Thursday, November 20, 2014
I joined a new Yahoo trade group recently, called Paper Traders. It's always a little scary entering new territory, with new people and new rhythms, but I really missed trading ATCs, and some of my old groups fizzled.
I have really made a shift in my artwork in recent years--I started out as an art quilter in 2006 when I bumbled onto a Quilting Arts Magazine in a bookstore. Since I had always loved sewing, art, and was for many years a fabric designer, I was hooked. I made a lot of art quilts, journal quilts, quilted postcards, quilted ATCs and various fiber projects. However, after living with neck and shoulder damage for overdoing my fiber work (from cutting through thick layers of cloth and batting with a dull rotary cutter, and painting directly on fabric using too much arm & shoulder pressure) I gradually switched to paper.
For me, paper is actually a lot easier to handle, it doesn't shift like fabric, usually doesn't bleed or fray, and you can still stitch through it if you want.
This trade required, in addition to the predominant use of the color blue, three layers. I was a little baffled because I never really consciously thought about how many layers I was or wasn't using. When the creative bug strikes, I go with the flow and what happens, happens. So, I had to really think about layers.
These pieces (I made 6...3 to trade and 3 to keep) started with a good quality heavy Japanese watercolor paper. I applied molding paste through a swirly Retro Café Art stencil, and when dry, painted the whole thing with shimmery Lumiere acrylic paint. I used a turquoise, then wiped on some indigo Lumiere. After the paint dried, I cut 6 atcs. I added layers of paper strips: vintage magazine text, French antique handwriting, and Chinese newsprint.
Embellishment was added in layers: first a brass Chinese "coin", attached with a brad. Next I added gold dots with dimensional paint. Each card got a tiny inspirational word, which was printed on clear Avery mailing labels. Last, I wanted more texture, so I punched a hole and added a blue grommet.
Monday, November 17, 2014
I wasn't sure how many ATCs to sign up for to participate in the upcoming Artistcellar ATC swap, which is being done via Facebook. I love doing ATCs, but the choice was either 5 or 10, so I played it safe and chose 5. Well, I got into an ATC-making frenzy last weekend, and came up with about 30. Not that they were all fabulous...there were some ho-hum ones that didn't make the cut. But I managed to whittle the contenders down 6...I will keep one and mail off the other five. It will be interesting to see what I get in return.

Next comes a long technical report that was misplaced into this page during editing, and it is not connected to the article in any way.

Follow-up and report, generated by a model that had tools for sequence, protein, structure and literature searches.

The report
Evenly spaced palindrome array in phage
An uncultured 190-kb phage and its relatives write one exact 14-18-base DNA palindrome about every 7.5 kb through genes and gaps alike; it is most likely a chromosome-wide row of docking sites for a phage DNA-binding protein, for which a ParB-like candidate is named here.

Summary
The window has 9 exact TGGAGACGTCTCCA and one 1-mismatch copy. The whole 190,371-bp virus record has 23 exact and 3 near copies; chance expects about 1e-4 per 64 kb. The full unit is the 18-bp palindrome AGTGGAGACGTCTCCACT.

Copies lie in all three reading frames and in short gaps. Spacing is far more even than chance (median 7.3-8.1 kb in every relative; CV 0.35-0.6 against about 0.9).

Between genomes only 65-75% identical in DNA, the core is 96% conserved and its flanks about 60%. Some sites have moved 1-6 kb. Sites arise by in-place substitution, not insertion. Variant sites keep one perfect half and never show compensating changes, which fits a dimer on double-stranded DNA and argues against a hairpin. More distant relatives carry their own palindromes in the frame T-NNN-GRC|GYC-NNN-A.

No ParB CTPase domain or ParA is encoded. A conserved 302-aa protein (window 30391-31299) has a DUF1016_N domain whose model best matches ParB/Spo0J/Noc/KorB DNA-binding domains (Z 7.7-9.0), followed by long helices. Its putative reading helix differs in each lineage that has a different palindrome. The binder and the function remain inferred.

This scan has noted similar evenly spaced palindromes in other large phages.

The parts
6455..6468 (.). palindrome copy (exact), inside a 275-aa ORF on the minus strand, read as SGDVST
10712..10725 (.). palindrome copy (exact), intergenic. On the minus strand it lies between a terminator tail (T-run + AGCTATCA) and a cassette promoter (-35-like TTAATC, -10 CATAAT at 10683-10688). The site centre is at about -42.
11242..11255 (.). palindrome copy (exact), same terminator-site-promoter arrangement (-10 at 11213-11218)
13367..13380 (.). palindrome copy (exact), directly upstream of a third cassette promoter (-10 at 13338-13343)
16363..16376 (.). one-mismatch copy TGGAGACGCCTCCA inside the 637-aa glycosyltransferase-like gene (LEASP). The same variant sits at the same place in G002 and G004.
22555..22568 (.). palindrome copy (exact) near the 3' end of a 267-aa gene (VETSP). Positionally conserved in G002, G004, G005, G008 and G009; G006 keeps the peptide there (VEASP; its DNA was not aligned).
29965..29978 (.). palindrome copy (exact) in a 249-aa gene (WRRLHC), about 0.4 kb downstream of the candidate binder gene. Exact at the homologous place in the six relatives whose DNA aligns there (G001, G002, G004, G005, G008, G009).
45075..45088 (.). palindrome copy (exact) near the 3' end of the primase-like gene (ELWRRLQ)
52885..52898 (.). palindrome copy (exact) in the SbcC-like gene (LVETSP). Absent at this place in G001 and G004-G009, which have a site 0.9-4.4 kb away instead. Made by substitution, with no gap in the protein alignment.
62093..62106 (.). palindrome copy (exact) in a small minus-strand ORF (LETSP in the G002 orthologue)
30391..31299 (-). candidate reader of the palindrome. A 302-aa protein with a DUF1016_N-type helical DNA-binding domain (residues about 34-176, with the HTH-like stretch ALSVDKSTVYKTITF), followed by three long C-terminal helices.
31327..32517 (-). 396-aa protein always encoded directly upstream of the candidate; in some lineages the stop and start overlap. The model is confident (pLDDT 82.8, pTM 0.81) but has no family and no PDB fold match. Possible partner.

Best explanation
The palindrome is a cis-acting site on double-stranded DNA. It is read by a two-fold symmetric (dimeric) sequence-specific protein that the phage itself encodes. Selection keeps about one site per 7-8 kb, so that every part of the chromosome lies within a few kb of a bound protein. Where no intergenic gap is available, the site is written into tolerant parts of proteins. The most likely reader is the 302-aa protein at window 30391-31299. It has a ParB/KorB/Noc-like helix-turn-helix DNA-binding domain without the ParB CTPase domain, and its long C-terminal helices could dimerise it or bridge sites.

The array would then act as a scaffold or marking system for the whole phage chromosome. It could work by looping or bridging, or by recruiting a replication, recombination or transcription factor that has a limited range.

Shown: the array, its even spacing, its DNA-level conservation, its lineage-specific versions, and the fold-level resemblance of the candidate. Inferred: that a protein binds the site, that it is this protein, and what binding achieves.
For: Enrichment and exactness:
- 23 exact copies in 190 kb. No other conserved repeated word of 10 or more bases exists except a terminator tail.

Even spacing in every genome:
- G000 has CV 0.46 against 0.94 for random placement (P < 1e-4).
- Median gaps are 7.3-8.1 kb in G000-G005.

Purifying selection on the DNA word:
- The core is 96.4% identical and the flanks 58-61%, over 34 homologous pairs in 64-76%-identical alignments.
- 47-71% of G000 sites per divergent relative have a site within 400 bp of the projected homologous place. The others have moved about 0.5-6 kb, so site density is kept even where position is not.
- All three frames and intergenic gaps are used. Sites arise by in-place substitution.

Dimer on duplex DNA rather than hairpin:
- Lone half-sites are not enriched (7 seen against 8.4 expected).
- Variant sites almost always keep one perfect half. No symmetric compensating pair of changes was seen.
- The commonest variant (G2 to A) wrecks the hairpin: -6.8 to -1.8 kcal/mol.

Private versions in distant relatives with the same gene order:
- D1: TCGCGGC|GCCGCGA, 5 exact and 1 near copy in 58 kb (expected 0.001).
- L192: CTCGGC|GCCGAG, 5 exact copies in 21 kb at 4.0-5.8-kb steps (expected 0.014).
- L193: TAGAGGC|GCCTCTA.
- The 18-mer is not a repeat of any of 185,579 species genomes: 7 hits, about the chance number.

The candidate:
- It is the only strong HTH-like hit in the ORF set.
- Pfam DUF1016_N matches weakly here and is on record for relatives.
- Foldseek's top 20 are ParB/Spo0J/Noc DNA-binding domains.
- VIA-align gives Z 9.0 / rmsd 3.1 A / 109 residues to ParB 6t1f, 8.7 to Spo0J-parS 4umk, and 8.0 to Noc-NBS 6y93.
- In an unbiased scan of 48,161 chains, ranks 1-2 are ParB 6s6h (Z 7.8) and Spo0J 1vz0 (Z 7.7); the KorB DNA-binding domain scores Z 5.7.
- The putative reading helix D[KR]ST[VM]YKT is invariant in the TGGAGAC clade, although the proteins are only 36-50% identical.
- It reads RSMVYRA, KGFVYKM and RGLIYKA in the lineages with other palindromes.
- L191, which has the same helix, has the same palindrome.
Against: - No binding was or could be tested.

I used the Artistcellar inspirational word pocket stencils...and had a "DUH" moment when I realized they were exactly the size of an ATC. Well, that sure made it easy to work with them! They also conveniently made a good template--not only were they good to trace around for a shape outline, but they are transparent, so I could lay them on top of a larger piece of artwork and see what section would look good cut down to an ATC.
I also used the Jill K. Berry compass rose and steampunk stencils, and layered the stencils on top of each other (after each section was dry, of course)
Thank you to my friend Sonja Hageman, who contributed some of the background paper and fabric. Sonja is a quiltmaker/teacher and fabulous artist who lives in Hawaii. She uses fabric and coffee filters to absorb spills when she is handpainting onto fabric, and then uses the "trash" to wrap ATCs and other small art exchanges in when she mails them out. Sonja's trash is definitely my treasure.
Saturday, November 8, 2014
An old friend and wonderful artist, Susan Morgan Hoth, not only paints gorgeous, one-of-a-kind silk scarves, she also collects and sells vintage jewelry, ephemera and memorabilia in her LaVogue Esty shop. When she looked at my artwork created by collaging vintage images that I had been posting to my blog and facebook page, she offered to mail me some imperfect vintage magazine ads that were slightly damaged. Naturally I jumped at the chance.
Part of me wanted to scan them and use printouts to create new art. The other part of me said "she is going to throw them out anyway, so just dig in and use the originals." I started with an ad for lemons and timidly put some sections of Cecilia Swatton Kalidescope Stencils in the background using soft colored, brush tipped markers.
It looked kind of cool, but didn't make a statement, so I decided to try and emphasize the retro-housewife theme with a Jane Davenport face stencil. That looked interesting, but didn't make much sense, so I added lines for the neck, some color, and a Jill K. Berry compas rose star stencil on the cheek, and a steampunk stencil on the top of the head to suggest a hat, then on the neck to suggest a necklace or blouse. I used a big white brush marker on the face to add interest.
The piece seemed almost done, but I wanted the whites to pop more, so I used white gouache and re-painted the whole face. Gouache (prononuced g'wash) which is basically a high quality tempra, was the paint of choice when I was studying textile design, so it is often my "go-to" paint.
After the addition of the white gouache, I liked it. It didn't really say "retro housewife serving delicious homemade food made from lemons" as I had intended. The plate goes through the nose and ended up looking like a giant piercing, and the fork goes through her eye, which is kind of scary. The face ended up being more 2014 than 1940, but that's the way art is—you never know quite what will happen but the journey and process is always fun.